“Lord of the Dance”:  Michael Flatley gives us his triumphal world tour Irish dancing troupe, complete with 3-D renderings of the light and sound extravaganza.  But despite the attempt at visual depth, it just falls flat for anyone other than the aficionados of this particular genre of folk dancing.  To the outsider it looks like a lot of loud, rhythmic stomping, with arms held stiffly at the sides, which feels like the opposite of the graceful, majestic, flowing movement of ballet.  And does anybody even notice the near-blasphemous reference to the producer/director/star using the same title, and tune, as the song praising Jesus of Nazareth?  (Presbyterian Hymnal #302)  Talk about a Messiah complex!  But the critics are afraid to pan it because it’s so family-friendly.


“Paul”:    The opposite tenor of the let’s-take-ourselves-too-seriously genre, where a wisecracking alien meets two British slacker geeks, fresh from a comic book convention, somewhere in the wasteland of the American West, and they try to help the alien return to his spaceship.  The “R” rating is well-deserved for the language and innuendo, but the real objection, for the person of faith, is watching the sequence where the alien has to “heal” the super-religious crazy lady of her “superstitions,” which effectively erases any religious impulse at all.  As if that’s a silly, useless, vestigial folklore that’s as ignorant as believing the earth is flat.  Does anyone else notice that after her reverse conversion, she’s over-the-top scatological?  As if what displaces the substance of religious conviction is pure sleaze?  If that’s the alternative, maybe the strident superstition is preferable to the evangelistic nihilism.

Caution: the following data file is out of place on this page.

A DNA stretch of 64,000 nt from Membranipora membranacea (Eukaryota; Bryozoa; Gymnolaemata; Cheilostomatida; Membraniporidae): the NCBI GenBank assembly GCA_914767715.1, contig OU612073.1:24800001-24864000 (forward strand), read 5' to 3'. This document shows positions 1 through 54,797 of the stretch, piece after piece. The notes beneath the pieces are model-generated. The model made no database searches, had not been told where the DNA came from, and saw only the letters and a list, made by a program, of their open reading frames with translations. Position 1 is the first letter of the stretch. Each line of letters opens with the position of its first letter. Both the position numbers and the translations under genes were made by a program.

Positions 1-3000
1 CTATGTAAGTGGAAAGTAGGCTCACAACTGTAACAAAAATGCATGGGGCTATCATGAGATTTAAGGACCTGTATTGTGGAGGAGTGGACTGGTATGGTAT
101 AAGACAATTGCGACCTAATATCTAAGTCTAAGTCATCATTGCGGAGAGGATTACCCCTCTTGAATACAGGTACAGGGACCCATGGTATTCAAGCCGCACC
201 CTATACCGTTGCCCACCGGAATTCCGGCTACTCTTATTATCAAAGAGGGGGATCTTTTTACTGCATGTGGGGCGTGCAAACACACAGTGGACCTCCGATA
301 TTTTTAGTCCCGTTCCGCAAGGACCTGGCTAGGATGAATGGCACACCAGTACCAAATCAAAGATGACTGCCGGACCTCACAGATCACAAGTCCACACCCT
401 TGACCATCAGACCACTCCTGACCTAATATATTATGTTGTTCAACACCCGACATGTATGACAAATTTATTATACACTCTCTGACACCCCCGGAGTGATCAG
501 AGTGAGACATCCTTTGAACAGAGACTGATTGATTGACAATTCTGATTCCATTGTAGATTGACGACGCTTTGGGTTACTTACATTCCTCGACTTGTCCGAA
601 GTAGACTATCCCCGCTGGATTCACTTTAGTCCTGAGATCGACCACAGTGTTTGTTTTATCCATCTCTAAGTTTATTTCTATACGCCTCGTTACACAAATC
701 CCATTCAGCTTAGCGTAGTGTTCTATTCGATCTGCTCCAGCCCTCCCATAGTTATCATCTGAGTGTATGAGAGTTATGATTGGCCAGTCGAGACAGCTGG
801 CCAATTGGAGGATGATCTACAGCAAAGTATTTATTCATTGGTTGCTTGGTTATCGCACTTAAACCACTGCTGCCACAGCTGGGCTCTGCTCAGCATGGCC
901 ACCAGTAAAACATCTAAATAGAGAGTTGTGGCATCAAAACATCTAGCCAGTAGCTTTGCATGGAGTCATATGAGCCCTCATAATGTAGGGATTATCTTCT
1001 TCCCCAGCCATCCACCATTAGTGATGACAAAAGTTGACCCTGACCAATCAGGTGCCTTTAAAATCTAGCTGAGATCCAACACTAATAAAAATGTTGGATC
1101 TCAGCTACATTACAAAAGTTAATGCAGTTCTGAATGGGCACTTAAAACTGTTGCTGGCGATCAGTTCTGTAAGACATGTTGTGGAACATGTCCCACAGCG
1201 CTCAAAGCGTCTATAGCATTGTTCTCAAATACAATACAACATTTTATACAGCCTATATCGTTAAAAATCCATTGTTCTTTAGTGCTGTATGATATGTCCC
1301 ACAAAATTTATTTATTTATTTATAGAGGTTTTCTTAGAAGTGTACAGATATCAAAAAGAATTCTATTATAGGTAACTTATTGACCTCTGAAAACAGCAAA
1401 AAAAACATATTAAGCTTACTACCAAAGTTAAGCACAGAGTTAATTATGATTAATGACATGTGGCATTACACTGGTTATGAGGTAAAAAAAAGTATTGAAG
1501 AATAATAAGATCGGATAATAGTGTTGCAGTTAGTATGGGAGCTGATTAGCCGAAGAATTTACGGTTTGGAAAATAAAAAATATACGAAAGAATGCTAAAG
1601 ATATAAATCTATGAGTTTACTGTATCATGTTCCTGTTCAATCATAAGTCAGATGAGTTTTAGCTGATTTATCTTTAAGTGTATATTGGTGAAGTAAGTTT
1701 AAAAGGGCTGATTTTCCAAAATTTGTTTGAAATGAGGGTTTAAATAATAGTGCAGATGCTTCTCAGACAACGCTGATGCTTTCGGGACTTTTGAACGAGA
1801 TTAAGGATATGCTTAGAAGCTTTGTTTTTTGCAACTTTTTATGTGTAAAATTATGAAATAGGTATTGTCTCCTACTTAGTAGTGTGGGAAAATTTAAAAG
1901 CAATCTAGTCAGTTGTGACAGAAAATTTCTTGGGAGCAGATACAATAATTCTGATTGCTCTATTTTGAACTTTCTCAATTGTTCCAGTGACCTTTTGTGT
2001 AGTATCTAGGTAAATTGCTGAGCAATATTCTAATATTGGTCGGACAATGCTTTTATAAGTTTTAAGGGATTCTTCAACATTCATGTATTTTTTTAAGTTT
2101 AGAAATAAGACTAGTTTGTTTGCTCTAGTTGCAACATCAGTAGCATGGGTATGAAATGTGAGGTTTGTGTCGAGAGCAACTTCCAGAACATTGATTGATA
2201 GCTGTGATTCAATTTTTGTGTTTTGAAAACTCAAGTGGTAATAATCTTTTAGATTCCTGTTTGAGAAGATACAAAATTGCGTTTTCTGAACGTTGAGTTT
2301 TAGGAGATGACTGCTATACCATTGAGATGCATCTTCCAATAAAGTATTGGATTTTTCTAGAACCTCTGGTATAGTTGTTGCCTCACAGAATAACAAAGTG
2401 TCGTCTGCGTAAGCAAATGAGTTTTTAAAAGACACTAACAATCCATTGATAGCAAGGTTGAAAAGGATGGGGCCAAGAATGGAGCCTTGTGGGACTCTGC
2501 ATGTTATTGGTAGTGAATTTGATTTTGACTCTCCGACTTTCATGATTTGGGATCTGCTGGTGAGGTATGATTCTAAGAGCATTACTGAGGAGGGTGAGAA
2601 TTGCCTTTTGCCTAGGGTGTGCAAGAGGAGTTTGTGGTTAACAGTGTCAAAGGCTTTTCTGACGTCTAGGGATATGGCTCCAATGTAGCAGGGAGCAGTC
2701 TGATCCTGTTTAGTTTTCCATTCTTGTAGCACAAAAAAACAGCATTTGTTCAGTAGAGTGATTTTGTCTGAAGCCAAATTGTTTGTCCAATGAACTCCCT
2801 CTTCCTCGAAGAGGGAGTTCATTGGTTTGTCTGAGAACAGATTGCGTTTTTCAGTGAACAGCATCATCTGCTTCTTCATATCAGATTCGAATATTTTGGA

“Red Riding Hood”:  Here religion is very much on display, but of course in the bad guy, the priest, named Solomon (Gary Oldman), the self-appointed slayer of werewolves, and the witches who communicate with them.  Valerie (Amanda Seyfried) plays Little Red Riding Hood, who lives in a dark, frightened medieval village, terrified of The Rampaging Wolf.  She’s trying to decide between two suitors, one courtship arranged by her parents, and the other a childhood friend, the woodsman’s son.  And when the wolf seems to leave her alone, the wicked priest is ready to start the witch trial.  But no one is prepared for who the wolf really turns out to be.  An awkward rendering of a twisted fairy tale.


“Kill The Irishman”:  Ray Stevenson plays Danny Greene, an Irish-American who rose through the ranks of the dock worker’s union in 1970’s Cleveland to become the Irish thug who would dare to cross the Mob.  Eventually, he’s isolated and eliminated, but in the aftermath the FBI gathers enough evidence to convict several crime families, so Danny Greene has become sort of a folk hero.  Though charming to his constituency, he’s still a conscienceless thug, which is how he rose to prominence in the first place.  So why is he romanticized?


Diary of a Wimpy Kid:  Roderick Rules:  The 2nd film installment of Jeff Kinney’s primitively illustrated humorous novels about a middle school boy, Greg Heffley (Zachary Gordon) who’s a middle child, and it shows.  He seems to be endlessly caught in awkward situations, but we root for him, anyway, because adolescence isn’t easy for anybody.  Though it’s not trying to be a “Christian” movie, the family does go to church, and they do stick together as a family and try to love each other through it all, with sense of humor intact, which is a great spiritual model, whether self-consciously religious or not.



Dr. Ronald P. Salfen, Co-Pastor, United Presbyterian Church, Greenville , Texas